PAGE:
In response to a similar situation in Bengaluru, the state capital of Karnataka, where the streets were rotting with piles of garbage for months, the municipal commissioner was replaced as a result of the waste management crisis in the city. Against the will of local residents, a landfill which had been closed following the orders issued by the state’s pollution control board in response to public agitation, had to be reopened soon after its closure as the city could not find a new landfill site.

Dengue Outbreak in West Bengal

Even if partially because of improper waste management, Kolkata, the state capital of West Bengal and the third biggest city in India, experienced a Dengue Fever outbreak with 550 confirmed cases and 60 deaths. This outbreak coincides with a 600% increase in dengue cases in India and 71% increase in malaria cases in Mumbai in the last five years. Rain water accumulated in non biodegradable waste littered around a city acts as a major breeding environment for mosquitoes, thus increasing the density of mosquito population and making the transmission of mosquito related diseases like dengue, yellow fever and malaria easier. (2) (3)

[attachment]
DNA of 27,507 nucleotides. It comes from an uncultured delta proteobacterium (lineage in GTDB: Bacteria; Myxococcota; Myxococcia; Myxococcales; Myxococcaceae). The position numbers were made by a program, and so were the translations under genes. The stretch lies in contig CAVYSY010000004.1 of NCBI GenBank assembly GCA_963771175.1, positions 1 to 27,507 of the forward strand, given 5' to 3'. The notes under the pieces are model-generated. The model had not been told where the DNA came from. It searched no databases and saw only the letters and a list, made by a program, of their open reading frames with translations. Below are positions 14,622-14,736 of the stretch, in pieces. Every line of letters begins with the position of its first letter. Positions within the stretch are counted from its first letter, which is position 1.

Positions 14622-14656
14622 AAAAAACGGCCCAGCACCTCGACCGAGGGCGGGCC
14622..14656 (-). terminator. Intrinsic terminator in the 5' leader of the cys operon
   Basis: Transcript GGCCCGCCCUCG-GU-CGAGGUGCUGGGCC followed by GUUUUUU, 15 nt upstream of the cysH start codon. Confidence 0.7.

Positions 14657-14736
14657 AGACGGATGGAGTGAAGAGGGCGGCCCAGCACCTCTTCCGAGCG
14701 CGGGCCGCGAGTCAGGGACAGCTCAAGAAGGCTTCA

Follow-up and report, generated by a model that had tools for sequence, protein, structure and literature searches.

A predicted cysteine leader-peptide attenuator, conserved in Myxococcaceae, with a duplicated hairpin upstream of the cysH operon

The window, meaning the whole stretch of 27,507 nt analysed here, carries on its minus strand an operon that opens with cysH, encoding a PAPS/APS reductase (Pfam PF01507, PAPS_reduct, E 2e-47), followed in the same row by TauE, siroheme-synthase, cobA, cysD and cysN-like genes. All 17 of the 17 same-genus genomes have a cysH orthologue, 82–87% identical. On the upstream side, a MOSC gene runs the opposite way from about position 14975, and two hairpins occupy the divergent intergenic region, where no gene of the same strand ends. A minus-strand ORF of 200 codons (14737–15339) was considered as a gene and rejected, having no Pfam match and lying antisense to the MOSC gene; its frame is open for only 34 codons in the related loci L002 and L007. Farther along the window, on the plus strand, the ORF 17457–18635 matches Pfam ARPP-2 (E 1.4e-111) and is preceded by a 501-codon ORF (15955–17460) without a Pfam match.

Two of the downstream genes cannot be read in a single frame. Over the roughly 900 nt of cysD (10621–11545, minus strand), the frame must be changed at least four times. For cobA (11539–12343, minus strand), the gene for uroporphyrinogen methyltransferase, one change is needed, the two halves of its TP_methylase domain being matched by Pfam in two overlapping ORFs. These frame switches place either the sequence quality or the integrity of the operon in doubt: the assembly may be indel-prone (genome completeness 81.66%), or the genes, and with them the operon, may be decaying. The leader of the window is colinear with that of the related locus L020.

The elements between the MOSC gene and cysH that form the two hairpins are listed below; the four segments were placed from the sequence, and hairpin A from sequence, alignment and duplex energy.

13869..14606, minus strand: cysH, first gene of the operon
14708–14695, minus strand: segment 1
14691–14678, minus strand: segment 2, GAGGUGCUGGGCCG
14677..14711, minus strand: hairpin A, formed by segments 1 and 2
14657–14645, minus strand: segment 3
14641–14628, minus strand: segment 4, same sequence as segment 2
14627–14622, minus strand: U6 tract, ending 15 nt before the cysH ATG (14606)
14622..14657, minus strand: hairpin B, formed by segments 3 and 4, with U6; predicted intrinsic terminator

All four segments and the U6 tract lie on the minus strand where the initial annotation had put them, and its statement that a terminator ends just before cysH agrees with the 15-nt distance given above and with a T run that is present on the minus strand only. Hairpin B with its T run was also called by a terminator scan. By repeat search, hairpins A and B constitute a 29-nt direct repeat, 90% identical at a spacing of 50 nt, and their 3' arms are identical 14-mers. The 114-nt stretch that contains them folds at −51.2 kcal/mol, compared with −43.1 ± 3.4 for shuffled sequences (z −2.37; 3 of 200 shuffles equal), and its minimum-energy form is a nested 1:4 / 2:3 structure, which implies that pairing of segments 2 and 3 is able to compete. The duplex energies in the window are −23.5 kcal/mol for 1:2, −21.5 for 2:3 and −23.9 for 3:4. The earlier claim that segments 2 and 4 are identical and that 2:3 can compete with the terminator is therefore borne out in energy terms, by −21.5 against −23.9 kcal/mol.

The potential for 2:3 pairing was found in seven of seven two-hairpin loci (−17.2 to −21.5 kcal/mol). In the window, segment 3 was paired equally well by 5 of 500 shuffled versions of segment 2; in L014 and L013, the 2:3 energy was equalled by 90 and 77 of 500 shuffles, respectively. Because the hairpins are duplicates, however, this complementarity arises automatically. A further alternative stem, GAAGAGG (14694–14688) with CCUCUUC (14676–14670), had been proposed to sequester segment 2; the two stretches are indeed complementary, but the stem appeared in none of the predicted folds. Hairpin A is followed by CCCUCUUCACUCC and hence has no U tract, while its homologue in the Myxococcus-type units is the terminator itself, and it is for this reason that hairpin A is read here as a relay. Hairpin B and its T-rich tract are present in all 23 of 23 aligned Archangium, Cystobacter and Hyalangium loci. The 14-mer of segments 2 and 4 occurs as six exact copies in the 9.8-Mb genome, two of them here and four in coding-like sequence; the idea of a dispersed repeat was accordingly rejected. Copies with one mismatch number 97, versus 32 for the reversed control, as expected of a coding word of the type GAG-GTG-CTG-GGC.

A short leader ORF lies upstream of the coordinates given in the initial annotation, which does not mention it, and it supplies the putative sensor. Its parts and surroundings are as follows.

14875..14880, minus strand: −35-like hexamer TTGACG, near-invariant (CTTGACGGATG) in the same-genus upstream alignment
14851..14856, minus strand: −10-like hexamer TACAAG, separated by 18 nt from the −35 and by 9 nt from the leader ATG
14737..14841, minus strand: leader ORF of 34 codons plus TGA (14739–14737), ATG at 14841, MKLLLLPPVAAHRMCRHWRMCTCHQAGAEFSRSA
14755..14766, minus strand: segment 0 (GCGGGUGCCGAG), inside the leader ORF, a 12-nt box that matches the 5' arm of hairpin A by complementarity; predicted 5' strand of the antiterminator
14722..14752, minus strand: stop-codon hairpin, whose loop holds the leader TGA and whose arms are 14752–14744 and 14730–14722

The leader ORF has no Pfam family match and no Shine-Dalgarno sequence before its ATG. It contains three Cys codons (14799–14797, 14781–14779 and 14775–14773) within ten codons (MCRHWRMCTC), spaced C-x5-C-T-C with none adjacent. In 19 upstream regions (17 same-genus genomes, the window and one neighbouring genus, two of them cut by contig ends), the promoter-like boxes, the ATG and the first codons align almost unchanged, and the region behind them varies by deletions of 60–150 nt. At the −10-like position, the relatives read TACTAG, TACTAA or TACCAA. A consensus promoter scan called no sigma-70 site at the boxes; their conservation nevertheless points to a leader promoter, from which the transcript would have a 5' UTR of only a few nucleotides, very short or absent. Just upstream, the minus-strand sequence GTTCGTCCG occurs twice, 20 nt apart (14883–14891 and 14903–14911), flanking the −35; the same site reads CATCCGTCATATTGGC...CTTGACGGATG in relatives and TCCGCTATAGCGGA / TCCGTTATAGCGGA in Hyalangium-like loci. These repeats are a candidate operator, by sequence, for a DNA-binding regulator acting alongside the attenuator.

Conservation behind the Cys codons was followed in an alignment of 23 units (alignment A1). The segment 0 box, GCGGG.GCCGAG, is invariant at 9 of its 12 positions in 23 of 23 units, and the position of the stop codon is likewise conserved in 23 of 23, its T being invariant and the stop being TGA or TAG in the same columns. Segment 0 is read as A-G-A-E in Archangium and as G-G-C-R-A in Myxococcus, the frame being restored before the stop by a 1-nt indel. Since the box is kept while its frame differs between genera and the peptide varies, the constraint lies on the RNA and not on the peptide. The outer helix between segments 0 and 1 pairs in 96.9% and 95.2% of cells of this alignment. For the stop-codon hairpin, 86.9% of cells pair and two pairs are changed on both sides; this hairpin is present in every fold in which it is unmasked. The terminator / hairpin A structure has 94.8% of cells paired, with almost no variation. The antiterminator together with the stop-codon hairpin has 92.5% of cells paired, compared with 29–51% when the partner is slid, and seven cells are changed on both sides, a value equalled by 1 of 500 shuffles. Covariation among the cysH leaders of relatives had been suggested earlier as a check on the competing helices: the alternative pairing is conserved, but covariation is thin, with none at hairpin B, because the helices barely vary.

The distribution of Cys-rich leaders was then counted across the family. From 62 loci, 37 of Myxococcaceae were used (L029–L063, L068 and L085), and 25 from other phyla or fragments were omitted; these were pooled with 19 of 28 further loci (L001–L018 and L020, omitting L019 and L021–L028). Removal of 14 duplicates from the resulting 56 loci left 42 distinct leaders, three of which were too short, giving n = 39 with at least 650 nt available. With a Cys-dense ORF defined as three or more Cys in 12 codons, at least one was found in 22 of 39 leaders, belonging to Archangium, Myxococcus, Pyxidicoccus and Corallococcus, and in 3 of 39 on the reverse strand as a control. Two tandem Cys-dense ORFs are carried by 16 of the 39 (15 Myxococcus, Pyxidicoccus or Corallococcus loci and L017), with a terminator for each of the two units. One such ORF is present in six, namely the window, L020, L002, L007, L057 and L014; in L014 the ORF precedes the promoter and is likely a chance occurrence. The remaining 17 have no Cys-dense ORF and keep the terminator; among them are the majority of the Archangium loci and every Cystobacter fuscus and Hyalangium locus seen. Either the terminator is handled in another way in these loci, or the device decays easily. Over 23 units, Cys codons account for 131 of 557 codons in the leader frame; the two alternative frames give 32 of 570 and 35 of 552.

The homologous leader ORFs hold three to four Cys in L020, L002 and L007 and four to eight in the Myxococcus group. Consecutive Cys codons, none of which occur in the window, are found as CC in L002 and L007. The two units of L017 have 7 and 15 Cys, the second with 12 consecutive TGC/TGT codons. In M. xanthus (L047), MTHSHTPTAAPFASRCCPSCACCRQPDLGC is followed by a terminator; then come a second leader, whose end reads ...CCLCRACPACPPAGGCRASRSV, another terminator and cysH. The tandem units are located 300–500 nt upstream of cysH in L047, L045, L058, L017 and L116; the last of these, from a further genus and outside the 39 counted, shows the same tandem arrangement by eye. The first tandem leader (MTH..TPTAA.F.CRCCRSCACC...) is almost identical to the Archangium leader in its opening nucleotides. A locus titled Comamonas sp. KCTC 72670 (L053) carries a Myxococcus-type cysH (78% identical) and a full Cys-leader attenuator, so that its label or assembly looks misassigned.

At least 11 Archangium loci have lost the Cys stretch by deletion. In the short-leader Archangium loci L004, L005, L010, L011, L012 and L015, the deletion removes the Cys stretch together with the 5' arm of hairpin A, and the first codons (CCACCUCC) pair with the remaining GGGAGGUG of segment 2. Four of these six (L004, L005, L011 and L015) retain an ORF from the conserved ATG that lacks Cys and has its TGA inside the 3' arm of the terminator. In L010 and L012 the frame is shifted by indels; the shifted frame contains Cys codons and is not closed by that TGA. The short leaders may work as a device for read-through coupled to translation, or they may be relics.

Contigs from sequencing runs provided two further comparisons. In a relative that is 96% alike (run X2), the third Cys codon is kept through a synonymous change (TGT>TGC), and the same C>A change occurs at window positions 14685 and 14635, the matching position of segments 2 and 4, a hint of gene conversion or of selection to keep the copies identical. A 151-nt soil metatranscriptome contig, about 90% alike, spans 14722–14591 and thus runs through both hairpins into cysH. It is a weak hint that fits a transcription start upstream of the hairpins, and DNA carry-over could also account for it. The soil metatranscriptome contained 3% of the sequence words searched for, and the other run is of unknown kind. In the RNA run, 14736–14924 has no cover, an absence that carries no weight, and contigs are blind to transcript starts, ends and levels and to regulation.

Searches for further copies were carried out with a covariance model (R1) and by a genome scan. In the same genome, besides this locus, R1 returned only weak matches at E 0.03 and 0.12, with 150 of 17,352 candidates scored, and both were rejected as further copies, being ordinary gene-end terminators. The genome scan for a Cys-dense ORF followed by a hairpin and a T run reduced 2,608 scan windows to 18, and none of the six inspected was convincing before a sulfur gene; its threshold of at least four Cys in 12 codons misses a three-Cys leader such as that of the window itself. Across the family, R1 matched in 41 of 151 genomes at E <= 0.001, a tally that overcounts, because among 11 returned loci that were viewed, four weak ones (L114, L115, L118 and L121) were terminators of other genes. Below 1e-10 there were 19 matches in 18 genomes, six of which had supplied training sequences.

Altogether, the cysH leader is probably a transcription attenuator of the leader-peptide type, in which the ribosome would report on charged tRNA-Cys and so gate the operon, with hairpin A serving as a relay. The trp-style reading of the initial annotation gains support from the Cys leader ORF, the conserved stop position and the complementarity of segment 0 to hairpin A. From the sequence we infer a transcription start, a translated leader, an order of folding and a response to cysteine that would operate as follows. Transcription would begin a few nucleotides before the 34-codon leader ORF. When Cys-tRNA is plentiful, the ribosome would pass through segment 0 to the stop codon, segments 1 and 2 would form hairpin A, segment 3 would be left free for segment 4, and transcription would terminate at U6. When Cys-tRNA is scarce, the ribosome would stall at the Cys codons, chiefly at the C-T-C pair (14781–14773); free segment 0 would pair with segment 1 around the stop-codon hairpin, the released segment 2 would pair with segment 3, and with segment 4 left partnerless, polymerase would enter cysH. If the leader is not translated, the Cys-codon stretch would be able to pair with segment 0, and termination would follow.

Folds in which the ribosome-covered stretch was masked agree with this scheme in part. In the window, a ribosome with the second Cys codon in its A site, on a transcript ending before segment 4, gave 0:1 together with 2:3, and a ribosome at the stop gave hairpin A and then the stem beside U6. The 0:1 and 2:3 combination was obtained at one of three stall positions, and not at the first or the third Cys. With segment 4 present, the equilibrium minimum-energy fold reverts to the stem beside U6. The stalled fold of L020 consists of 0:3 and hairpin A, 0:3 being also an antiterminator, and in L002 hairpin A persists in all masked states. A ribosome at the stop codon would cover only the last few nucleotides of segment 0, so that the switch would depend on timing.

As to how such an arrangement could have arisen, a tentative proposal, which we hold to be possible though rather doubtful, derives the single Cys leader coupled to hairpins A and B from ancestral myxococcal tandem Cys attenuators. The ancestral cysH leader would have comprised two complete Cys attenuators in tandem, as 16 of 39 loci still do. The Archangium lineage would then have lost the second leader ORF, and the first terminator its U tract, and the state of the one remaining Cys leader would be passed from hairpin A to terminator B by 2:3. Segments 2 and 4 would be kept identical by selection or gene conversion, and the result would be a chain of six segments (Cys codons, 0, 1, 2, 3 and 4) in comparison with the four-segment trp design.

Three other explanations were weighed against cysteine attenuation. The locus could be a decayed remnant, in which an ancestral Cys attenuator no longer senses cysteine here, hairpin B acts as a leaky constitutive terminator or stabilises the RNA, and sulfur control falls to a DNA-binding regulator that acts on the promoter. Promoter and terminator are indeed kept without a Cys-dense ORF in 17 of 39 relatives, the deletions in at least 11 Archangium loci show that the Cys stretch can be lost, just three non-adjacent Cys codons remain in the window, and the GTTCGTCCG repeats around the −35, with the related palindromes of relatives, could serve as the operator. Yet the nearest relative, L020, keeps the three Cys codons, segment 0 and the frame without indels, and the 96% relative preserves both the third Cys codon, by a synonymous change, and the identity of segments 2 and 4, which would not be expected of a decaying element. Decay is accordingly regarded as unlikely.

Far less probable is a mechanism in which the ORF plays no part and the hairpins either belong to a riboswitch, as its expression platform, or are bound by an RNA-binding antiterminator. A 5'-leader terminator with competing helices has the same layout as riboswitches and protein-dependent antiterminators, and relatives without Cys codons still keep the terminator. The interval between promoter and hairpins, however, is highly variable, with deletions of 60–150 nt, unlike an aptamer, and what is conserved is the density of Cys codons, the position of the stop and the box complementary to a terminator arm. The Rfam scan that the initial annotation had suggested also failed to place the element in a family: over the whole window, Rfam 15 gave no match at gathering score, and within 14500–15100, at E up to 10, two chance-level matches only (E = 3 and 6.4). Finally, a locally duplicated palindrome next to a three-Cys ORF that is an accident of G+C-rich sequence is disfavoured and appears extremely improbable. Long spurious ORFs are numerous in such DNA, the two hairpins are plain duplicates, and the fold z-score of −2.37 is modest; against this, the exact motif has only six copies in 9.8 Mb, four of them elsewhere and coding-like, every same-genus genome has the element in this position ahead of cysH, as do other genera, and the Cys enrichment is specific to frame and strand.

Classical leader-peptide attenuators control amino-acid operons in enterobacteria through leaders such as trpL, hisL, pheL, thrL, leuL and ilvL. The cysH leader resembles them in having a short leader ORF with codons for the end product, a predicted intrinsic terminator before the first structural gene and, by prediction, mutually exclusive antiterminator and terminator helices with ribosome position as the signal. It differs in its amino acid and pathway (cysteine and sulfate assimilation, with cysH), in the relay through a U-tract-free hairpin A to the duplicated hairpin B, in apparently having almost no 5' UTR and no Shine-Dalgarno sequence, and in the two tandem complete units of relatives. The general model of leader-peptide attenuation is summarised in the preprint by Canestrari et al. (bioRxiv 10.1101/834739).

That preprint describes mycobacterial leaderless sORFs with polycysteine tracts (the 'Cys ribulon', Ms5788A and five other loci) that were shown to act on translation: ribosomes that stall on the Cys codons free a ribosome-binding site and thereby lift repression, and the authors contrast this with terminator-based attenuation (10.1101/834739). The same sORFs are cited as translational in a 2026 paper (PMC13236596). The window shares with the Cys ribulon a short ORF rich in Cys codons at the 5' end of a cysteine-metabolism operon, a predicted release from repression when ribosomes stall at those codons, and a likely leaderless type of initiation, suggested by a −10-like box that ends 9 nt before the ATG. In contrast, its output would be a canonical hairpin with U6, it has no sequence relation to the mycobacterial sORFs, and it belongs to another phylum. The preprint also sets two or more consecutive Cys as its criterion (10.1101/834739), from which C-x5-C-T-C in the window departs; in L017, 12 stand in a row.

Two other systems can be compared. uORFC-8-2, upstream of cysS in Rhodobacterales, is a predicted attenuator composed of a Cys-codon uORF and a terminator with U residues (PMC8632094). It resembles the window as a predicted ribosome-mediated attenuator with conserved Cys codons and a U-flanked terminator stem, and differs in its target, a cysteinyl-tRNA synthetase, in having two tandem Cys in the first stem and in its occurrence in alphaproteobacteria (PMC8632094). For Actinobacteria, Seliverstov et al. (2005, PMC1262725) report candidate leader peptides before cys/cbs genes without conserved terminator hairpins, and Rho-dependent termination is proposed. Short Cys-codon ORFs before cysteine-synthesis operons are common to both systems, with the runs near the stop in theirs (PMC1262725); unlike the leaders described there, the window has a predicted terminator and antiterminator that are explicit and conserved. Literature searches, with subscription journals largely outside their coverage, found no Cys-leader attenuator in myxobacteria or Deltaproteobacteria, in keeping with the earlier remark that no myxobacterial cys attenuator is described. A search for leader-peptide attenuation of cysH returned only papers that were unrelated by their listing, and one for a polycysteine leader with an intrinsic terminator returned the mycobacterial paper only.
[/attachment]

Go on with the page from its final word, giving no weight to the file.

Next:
Rabies in Jammu & Kashmir

Rabies due to stray dog bites is responsible for more than 20,000 deaths in India every year (4). Improper waste management has caused a 1:13 stray dog to human ratio in Srinagar (compared to 1 per 31 people in Mumbai and 1 per 100 in Chennai), where 54,000 people were bitten by stray dogs in a span of 3.5 years. Municipal waste on streets and at the dumpsite is an important source of food for stray dogs. The ultimate solution to controlling stray dogs is proper waste management (5). The public has been protesting about this stray dog menace for months now with no waste management solutions in sight, but only partial short term measures like dog sterilization.

Waste Management Crisis

In light of the large scale public protests in Kerala, Karnataka, Jammu and Kashmir, and Tamil Nadu and the change of Bengaluru’s municipal commissioner, the issue of improper waste management has already become political. However, local governments which are responsible for waste management will not be able to provide or implement immediate solutions. While policy gridlock ensues, public health of Indians will continue to be affected, quality of life will continue to degrade, and environmental resources will continue to be polluted.

The inability to provide immediate solutions to waste management in these cities is not the crisis; the true crisis is yet to come. Not just ten or fifteen, but there are 71 cities which generate more waste than Thiruvananthapuram (310 tonnes per day), and like Thiruvananthapuram, they have limited resources to handle it (6). During the course of the next decade, public unrest is expected to spread as these cities try to grapple with increasing quantities of waste. This will lead to a waste management crisis if government authorities do not leverage the current situation which has resulted in increased awareness to bring about long term reforms.